You are right, but sometimes being a hard ass early on in the project might not be the best.

        I'm sure the guy though he was doing a good job, the install is actually better than lot of the subdivision builds I see. Sometimes it is worth a bit of effort and cost to move things along and actually finish the house.

        We are talking about maybe a day here for a guy to rip out the windows and install properly, so not a big cost, might not be worth having "contract" conversations over it. Not saying there should be no consequences for not getting things right.

        1. nj_homeowner | | #14

          You are so wrong. Finish a house with bad window installs? Now the whole house is at risk.

          Our house is now trimmed and sided outside. All of that might need to be ripped out, discarded, and done again.

          If the window install is not good, it is particularly terrible because it cannot be easily or inexpensively fixed, and now the life and performance of the whole structure is compromised.

    2. nj_homeowner | | #11

      Before the windows were installed, I knew nothing about installing windows.

      The builder told me he knows how to do it well, he's done thousands of windows, "never had a problem."

      Of course I trusted him. Why would I not expect him to install our windows to code and in an otherwise sensible fashion?

      We are not doing anything exotic. Just regular Tyvek and new Andersen windows.

      They did not follow the mfr instructions, nor any of the standard advice given in the multitudes of articles and videos available. No caulk was used. No flashing tape.

      Total material cost for house to do 50 windows correctly is less than $1k.

      Should I really roll the dice and accept this work? My Andersen warranty is void. No engineer will tell me this is ok. Should I really just go along and take the risks, building even more stuff around all of these windows?

      I personally do not know anyone, no matter how much they are spending on building their house, who would want these steps skipped to save less than 1% of the cost.

      Who would not want their new windows installed properly?

  4. Walter Ahlgrim | | #9

    The installation of house wrap is generally very sad and often looks like a christmas package wrapped up by a 6 year old. Then they leave it exposed to the wind months and make almost no attempt to repair the rips.

    Do I think building inspectors are failing houses for bad house wrap? Heck no!

    Do I think your builder has read the instructions for Andersen 400 Series windows and or Tyvek WRB in the last 7 years? Heck no!

    It is not that he is a bad guy there are 27 different window manufacturers in the market each has 3 different model lines with different instructions that get rewritten every few years.
    Be careful what you ask for. I printed the instructions for a window on Zip sheathing with foam insulation because it is not the norm around here. The instructions call for caulking months later when it was time to clean the windows only then did I find the clear calk on the glass. I spent hours cleaning caulk off the glass and when the rain gets on the glass I still can see where the caulk was.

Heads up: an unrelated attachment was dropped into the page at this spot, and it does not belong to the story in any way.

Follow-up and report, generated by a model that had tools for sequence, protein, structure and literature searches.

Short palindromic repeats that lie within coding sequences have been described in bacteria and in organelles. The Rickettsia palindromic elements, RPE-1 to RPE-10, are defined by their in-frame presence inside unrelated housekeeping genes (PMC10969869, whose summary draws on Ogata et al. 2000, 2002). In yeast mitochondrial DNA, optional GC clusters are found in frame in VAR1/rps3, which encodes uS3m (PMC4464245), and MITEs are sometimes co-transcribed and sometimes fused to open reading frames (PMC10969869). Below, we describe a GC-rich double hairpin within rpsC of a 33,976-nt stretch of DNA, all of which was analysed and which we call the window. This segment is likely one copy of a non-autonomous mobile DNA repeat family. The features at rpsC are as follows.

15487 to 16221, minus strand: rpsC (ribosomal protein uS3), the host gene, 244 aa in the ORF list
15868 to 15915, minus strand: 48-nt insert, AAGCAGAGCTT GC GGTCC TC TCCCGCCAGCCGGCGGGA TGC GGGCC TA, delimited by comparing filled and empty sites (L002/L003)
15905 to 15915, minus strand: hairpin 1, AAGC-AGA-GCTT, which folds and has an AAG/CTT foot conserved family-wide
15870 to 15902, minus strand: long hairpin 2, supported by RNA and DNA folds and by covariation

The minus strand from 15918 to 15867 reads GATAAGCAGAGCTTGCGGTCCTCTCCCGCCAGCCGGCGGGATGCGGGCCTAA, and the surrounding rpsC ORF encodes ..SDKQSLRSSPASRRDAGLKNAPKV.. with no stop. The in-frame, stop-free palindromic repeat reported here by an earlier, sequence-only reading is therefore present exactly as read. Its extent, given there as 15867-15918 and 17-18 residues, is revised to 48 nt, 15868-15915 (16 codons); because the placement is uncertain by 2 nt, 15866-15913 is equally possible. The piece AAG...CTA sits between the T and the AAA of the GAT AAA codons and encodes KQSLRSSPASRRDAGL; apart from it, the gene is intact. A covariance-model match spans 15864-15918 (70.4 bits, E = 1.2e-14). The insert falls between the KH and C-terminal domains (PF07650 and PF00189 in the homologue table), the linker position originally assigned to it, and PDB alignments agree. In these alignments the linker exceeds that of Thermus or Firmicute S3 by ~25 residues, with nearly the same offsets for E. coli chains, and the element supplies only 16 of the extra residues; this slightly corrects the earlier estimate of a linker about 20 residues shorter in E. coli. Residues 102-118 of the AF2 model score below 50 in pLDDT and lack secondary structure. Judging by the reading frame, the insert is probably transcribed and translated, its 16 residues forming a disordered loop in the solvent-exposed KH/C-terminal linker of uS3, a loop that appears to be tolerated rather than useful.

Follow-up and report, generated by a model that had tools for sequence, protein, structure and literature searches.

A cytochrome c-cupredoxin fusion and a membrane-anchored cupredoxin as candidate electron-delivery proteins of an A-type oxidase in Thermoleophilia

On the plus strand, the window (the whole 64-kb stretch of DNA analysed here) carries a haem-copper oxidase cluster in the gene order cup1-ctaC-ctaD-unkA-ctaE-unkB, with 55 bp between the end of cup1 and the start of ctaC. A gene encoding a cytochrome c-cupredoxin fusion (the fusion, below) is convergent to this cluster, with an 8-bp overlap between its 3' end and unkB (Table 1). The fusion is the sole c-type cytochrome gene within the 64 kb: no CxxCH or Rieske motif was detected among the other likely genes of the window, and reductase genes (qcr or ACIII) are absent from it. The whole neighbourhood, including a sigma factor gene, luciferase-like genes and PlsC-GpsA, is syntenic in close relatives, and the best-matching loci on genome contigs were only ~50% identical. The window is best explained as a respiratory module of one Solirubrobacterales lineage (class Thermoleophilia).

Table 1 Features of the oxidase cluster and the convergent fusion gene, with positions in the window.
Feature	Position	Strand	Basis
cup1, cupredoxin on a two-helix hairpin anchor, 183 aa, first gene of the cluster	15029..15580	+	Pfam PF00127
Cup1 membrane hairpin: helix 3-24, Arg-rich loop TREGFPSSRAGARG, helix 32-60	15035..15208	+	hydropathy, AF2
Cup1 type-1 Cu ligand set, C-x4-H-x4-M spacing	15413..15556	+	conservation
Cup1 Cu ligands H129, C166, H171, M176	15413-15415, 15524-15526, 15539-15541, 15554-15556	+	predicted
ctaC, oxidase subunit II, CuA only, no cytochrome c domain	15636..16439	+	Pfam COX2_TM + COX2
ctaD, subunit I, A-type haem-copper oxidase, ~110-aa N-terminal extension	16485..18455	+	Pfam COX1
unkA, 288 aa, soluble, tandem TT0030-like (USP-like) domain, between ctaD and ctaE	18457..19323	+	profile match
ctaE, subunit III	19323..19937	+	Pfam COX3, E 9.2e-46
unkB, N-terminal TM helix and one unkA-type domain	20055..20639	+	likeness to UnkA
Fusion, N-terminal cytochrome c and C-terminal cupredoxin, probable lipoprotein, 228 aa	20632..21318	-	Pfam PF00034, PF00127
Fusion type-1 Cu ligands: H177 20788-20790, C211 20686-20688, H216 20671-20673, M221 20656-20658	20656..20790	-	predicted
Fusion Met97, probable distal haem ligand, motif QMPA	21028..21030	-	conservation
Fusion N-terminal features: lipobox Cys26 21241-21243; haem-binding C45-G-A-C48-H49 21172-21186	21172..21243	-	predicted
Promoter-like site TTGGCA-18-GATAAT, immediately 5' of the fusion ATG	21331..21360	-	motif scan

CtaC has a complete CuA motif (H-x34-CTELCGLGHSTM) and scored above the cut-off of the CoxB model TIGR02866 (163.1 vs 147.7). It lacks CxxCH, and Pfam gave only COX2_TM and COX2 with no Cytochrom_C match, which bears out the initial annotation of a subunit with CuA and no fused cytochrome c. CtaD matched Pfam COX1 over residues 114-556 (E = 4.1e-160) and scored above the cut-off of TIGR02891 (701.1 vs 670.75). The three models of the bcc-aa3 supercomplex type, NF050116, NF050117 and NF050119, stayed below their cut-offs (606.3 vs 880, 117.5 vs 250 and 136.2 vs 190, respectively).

i couldn't agree more with Akos.

    Walta

    1. nj_homeowner | | #13

      My builder has installed only Andersen windows on the last four houses he's built. Andersen and Tyvek are best-selling brands, the very definition of "ordinary."

      Of course he should know exactly how to install them right.

  5. User avatar GBA Editor
    Peter Yost | | #15

    Really sorry for you situation; it is sadly too often that windows are installed either not according to window manufacturer requirements or to really manage water.

    If you have not insulated exterior walls yet, I would water test every window with a garden hose, starting at the head of the window and loading every square inch of the window unit and opening.

    Here is the "official" spray rack test; mimic it as best you can. ASTM E1105: https://www.youtube.com/watch?v=1lNX-uxCOrk

    in terms of loading the wall from the exterior and depressurizing (with a blower door).

    Peter

    1. nj_homeowner | | #16

      Hi Peter -

      Thank you very much for your thoughts and this interesting idea.

      I don't think I can do the blower door part now, because it's not feasible to seal the house at this point.

      But let's say I were to aggressively spray each window from the outside while watching for leaks inside. And let's say there are no leaks during the test.

      Do you think that would be sufficient proof that the house will probably be fine going forward?

      I am concerned that as the house and its parts expand and contract over the years, and the materials age, their ability to resist the water will decline, and whatever performance we observe now will be meaningless.

      What do you think?

      Thank you,

      Brian